- Work Permit difficulties (relaxing in Key employee speculated to be in response to complaints by the industry)
- Key Employee restrictions
- poorly motivated Bermudian employees
- housing costs
- constant bashing of international companies in the press and Parliament for political gain
- on the subject of Independence the individual said: "Don't get me started". Could they have been any more clear than that?

The individual prefaced these comments saying that the positive reason (there's only one really) for operating out of Bermuda (favourable tax environment) remain and is compelling, but that companies are quietly downsizing their Bermuda presence and that this will continue.

Now, I'll start by congratulating VSB and Bryan Darby in particular for getting this story, albeit unattributed and not doing what VSB is notorious for - reading from one of the local papers with very little acknowledgement of the print media as having done the report. VSB is on the money with this story and we'd do well to take notice.

As a follow-up story Labour Minister Randy Horton was quoted as dismissing the criticism and saying that this isn't the feedback he gets from the business community. Bermuda is an attractive place to operate out of he maintained.

Mr. Horton, while saying what I'd expect, would be wise not to dismiss the concerns of this individual. I imagine Bryan Darby was hanging out with someone at a cocktail party and after a few drinks things loosened up and as always, the truth starts to come out.

I'd also suggest that the industry would be better served in telling Mr. Horton the truth and not softening their message when dealing with him in person, which I'm sure is what is going on. Dancing around the issues serves no purpose. When speaking on the record or at public events, neither the Minister nor the business community are going to be quite as blunt as they will at a cocktail party but this does no-one any good.

Bermuda is, as has been pointed out a lot lately, a "one trick pony". The two pillars of our economy are down to one. Tourism isn't the major contributor to our economy that it once was and we've become overly dependent, both in terms of jobs and revenue, on international business to drive us.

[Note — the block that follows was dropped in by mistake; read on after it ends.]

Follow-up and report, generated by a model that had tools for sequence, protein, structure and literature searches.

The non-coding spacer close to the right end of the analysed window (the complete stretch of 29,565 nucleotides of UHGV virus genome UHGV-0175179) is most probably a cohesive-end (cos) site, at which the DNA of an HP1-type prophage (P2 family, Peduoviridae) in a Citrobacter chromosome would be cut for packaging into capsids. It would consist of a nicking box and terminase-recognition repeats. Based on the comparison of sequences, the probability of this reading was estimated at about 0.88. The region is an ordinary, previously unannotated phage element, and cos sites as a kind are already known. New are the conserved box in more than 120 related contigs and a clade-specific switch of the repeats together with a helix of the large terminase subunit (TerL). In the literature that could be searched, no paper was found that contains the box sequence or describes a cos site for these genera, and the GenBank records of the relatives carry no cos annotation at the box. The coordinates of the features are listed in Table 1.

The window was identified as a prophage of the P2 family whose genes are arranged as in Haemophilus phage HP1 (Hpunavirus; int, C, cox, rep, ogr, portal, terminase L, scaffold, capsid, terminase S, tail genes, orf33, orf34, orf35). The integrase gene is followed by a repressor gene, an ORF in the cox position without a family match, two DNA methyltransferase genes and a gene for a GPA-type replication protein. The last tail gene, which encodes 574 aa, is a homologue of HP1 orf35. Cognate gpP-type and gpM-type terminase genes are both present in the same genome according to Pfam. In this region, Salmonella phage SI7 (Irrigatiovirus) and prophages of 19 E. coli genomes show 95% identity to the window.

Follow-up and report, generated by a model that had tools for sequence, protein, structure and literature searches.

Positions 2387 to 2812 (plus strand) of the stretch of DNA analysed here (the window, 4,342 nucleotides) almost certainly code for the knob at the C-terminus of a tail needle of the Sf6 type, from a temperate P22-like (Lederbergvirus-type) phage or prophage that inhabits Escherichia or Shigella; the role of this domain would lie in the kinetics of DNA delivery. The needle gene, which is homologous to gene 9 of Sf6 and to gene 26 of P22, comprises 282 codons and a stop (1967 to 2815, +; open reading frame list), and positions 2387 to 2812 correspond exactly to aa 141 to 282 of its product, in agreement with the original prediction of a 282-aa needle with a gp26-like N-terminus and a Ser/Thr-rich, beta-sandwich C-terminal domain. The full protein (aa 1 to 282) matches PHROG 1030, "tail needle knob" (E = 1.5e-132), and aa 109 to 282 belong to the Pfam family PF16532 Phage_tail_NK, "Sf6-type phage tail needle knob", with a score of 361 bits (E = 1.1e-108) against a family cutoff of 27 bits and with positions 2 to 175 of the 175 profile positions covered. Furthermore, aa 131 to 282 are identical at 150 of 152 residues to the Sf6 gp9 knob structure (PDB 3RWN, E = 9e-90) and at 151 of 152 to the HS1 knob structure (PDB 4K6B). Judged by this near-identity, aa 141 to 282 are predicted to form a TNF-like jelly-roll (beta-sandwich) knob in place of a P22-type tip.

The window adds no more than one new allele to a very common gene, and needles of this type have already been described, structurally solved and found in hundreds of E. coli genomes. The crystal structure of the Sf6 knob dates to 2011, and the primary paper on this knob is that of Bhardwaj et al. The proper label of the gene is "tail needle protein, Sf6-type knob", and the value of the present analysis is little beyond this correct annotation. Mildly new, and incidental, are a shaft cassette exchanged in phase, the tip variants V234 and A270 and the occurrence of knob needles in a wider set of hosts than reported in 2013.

So, what is our response as Bermudians and Bermudian policy makers to this dependence? Attack it and make it much harder for them to operate. Sound familiar? Hmmm, how do we think we killed tourism? We did that quite successfully with multiple strikes and protesting new hotel developments for political points (David Allen leading a march down South Shore anyone?).

We have to remove our economic drivers from the political domain.

We as Bermudians have a bad habit of thinking that people will always come here to do business and we can put whatever restrictions and hassle we want on them without impact. We also thought that tourists would always come here.

Well, as someone who works in the Reinsurance industry, I can attest to the fact that many of the companies here are quietly moving their jobs to other more hospitable and hungry places. Dublin, the Caymans, other islands, back to the US and London are becoming more attractive every day to the leaders of these companies. These countries want our jobs and the associated economic benefit. The tax advantage remains, but until our politicians set the tone for the community to follow I worry that we're on a downward spiral.

Yes the companies will continue to set up here for the time being but if we're shipping the professional jobs to other areas we are doing a number of very damaging things for our island:

1) The jobs that will move won't be the CEOs and CFO's and underwriters but the entry level professional jobs that put you on a track to those positions. Who'll suffer from that? Bermudians who will find they can't work their way into the industry and thus will never reach the positions they aspire to.

2) At the same time we're making other areas better competitors by forcing out smart employees who could be mentoring our young Bermudians. Instead they're training up young Dubliners while our Bermudians get offered jobs as receptionists and personal assistants.